I stayed at the track until the sun went down working on the bikes. I put my bodywork onto Zina's RS250 and also took the time to do some other conversions: set the fork height to my more conservative setting, move the toe piece of the shifter to the forward position. Another late night. Thanks to Scott for helping me out. Thanks also to his pit mates for changing HIS wheels enabling him to come over and help me out. Thanks Stuman and Kevin Jump. Scott and I hit the Cantina for a late dinner and then I roll up to the motel around 10 to find that the entire wall outside my room was covered with roaches. It was somewhat post-nuclear apocalyptic and while quite foul, explains why I woke up Saturday morning with a roach in my bed. Sorting out my new room only took an hour or so. Eventually, I retreated to the hot tub with a pair of brewskis to lament how I get to miss more sleep. Sunday dawns and I drag out of bed in time to make both warm up practices. On the second lap, I absolutely tuck the front wheel going into turn 9. It wasn't like I was immediately going to run off the track, but it was a serious eye opener. I think it was simply a matter of pushing a little too quickly for a new tire. It wasn't too cold, as it soaked up heat from the warmers for a goodly while. The first warm up was seriously axe-murdery. The squid quotient was about twice what I am used to for even an aggressive Sunday race practice.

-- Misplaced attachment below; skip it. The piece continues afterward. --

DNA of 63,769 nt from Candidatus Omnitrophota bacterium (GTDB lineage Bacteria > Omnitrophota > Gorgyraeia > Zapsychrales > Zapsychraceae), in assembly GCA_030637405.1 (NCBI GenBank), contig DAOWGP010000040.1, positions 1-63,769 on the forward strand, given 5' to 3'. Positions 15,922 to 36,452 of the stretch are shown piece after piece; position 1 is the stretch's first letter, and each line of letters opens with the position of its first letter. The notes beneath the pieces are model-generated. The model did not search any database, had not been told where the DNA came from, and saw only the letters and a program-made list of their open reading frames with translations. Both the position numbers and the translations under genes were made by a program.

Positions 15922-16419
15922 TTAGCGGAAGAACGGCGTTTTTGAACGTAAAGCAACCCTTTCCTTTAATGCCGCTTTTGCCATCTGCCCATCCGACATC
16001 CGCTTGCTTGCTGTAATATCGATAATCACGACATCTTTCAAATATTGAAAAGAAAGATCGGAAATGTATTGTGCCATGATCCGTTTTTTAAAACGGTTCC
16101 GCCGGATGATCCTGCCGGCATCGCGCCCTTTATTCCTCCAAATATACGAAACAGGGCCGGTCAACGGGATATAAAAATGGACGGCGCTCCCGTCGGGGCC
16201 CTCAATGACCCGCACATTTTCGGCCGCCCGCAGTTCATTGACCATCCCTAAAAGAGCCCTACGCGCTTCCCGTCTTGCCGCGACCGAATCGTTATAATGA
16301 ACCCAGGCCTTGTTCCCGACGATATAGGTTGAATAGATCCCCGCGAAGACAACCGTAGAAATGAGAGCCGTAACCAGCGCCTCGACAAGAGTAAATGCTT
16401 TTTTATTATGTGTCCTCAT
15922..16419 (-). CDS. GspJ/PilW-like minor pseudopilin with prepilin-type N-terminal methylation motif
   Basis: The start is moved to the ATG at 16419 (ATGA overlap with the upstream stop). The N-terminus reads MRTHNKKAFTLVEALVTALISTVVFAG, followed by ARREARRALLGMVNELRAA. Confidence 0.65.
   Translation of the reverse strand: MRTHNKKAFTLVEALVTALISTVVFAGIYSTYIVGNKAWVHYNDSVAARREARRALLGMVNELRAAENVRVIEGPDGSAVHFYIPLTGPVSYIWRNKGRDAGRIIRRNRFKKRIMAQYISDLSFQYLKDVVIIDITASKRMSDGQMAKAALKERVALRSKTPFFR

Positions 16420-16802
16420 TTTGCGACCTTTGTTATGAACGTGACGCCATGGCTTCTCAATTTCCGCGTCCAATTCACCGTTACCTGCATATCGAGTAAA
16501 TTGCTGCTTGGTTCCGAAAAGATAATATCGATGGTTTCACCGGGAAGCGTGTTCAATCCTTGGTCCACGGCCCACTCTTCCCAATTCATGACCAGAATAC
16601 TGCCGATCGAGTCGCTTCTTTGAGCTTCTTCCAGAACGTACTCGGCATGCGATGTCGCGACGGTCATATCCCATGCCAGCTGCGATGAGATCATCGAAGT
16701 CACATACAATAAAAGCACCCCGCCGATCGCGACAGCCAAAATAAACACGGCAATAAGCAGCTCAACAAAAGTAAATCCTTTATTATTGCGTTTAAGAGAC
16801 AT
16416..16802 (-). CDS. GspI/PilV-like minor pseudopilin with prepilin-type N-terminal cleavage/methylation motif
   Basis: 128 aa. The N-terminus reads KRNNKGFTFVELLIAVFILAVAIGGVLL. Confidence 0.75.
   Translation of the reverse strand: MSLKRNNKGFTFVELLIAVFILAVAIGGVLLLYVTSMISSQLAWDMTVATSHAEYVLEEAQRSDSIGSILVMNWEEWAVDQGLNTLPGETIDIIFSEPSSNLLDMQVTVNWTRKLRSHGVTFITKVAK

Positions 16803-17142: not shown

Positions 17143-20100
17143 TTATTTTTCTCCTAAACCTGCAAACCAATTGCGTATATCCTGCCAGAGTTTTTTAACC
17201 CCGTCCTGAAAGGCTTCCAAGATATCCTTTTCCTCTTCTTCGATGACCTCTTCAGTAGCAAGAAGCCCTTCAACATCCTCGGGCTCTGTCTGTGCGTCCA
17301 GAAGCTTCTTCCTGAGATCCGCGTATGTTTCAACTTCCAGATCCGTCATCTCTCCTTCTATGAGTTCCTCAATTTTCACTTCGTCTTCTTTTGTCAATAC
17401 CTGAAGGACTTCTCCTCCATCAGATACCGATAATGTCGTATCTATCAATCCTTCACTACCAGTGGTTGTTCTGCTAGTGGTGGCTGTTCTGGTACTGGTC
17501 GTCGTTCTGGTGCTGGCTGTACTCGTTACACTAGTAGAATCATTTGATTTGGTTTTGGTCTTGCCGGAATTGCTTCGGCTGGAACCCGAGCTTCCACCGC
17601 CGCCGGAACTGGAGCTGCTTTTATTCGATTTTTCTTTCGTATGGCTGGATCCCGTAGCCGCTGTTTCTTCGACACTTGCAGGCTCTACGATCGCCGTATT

The second warm-up went much better. I let everyone go and then I started about 1/2 a lap back. This worked well, as most folks were strung out and those who I passed weren't as bunched up. I couldn't get a feel for how or why, but Zina's bike didn't feel like mine. I was soon to find out! The 550 Superbike race was my first of the day, race number 6. I got what felt like a good start, but I was pretty far back in the pack going into turn 1. I didn't really have time to think about it as I went into turn 1 in what felt like 15th position. I immediately went to work and pinned the throttle and dove down to the inside of turn 2, passing something of a mob in the process. The last rider that I was passing made a sudden move for the dirt and I had to brake to avoid the collision. I thought that they should have seen me, but that's OK, sometimes folks don't and I wasn't actually ahead of them. Back on the gas and I catch back up to him by the end of turn 2. They get a good enough drive out of turn 2 that I don't have anything for them on the way to turn 3, which seemed a bit odd, as I thought my RS250 would have pulled him. So I bided my time until turn 5 where I know my speed and drive is better than most folks'. To plan, the same rider slowed and took a tight line through 5, while I pinned the throttle from before the turn in and went straight for 6. I watched them as I passed and then got on with turn 6. I got around 8 and 9 and onto the front straight with the pack and I was planning my moves. Everyone kind of spread out going into turn 1, so I set up my usual line. I brake and get my downshifts, but I screwed it up and wasn't precise enough and ended up getting one gear too many. I saw the shift light flash as I let the clutch out so while turning in, I upshifted and set on about getting through the turn. Next thing, I see the edge of the track approaching in an unusual manner. Hmmm, so I lay off the throttle and really lean into the turn. The edge still approached. I knew that I shouldn't try to turn if/when the tire leave the pavement, so I kept the turn going until the last possible moment and then went upright. I rode in the rocks at the track's edge at 100 mph testing the front and rear brakes. I was careful not to use too much but was still going 40 mph as the drain ditch approached. I lifted up and jumped it without falling. The Bridgestone slicks dug in and helped me navigate the turn inside of the curbing for turn 2. Now that I was almost stopped and the whole 550 SBK race had passed, I pulled onto the track and got going again. I'm truly surprised that I didn't finish last. Those last few laps were very tentative and very important for me as the Aprilia Race was next.